PAM value
quantized code number
PCM code
time
1.1
9.2
15.2
10.8
5.6
2.8
2.7
1
9
15
10
5
2
2
0001
1001
1111
1010
0101
0010
0010
Figure 5.17 Pulse-Code Modulation Example
Normalized magnitude
Code
number
15
14
13
12
11
10
9
8
7
6
5
4
3
2
1
0
Continuous-time,
continuous amplitude
(analog) input signal
PAM
sampler
Discrete-time
continuousamplitude signal
(PAM pulses)
Quantizer
Discrete-time
discreteamplitude signal
(PCM pulses)
Figure 5.18 PCM Block Diagram
Encoder
Digital bit
stream output
signal
Non-Linear Coding
Quantizing
levels
Strong signal
Weak signal
15
14
13
12
11
10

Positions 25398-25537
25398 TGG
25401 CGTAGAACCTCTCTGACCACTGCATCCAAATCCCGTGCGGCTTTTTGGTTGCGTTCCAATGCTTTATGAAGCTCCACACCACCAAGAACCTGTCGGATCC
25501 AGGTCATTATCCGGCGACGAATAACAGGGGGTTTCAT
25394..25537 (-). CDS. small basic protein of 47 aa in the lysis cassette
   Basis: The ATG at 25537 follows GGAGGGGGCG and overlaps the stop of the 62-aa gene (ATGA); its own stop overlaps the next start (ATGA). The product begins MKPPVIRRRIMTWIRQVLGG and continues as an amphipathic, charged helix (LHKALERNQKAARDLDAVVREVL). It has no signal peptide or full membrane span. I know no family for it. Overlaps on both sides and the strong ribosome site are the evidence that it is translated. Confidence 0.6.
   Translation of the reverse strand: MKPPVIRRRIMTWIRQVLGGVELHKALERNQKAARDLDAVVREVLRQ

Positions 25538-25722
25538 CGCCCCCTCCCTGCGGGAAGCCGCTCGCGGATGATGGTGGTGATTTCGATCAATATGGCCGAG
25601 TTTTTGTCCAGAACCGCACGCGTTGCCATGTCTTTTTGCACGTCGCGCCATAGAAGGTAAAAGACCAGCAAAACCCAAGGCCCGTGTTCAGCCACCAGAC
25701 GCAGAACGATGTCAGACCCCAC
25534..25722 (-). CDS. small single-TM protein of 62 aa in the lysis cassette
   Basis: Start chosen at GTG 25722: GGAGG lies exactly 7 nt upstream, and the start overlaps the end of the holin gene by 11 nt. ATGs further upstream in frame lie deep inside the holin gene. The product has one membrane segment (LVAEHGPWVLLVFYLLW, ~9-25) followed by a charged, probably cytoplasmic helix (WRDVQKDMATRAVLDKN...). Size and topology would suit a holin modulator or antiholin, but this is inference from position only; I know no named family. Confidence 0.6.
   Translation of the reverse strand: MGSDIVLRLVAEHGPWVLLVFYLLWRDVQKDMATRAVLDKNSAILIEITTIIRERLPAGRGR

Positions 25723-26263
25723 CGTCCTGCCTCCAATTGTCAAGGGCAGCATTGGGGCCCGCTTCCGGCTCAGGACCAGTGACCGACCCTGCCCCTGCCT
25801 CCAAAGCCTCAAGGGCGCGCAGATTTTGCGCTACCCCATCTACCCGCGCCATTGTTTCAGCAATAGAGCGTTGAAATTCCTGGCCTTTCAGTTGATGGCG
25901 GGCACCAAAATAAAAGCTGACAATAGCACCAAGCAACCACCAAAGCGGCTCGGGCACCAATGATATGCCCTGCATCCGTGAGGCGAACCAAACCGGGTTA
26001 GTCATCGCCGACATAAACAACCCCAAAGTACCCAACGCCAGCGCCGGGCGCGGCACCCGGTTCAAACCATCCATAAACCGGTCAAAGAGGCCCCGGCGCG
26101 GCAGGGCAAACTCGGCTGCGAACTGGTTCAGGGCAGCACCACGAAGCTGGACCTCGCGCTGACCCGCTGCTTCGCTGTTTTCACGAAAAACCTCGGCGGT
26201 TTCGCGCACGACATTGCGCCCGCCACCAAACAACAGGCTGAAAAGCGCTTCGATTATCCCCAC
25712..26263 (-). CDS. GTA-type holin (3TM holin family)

9
8
7
6
5
4
3
2
1
0
15
14
13
12
11
10
9
7
6
5
4
3
2
1
0
(a) Without nonlinear encoding
(b) With nonlinear encoding
Figure 5.19 Effect of Nonlinear Coding
8
Delta Modulation (DM)

Analog input is approximated by a staircase
function


Can move up or down one quantization level ()
at each sampling interval
Has binary behavior



Function only moves up or down at each
sampling interval
Output of the delta modulation process can be
represented as a single binary digit for each
sample
1 is generated if the staircase function is to go up
during the next interval, otherwise a 0 is
generated
Summary

Digital data, digital
signals






Nonreturn to zero (NRZ)
Multilevel binary
Biphase
Modulation rate
Scrambling techniques
Analog data, digital
signals



Pulse code modulation
Delta modulation (DM)
Performance

Digital data, analog
signals





Amplitude shift keying
Frequency shift keying
Phase shift keying
Performance
Quadrature amplitude
modulation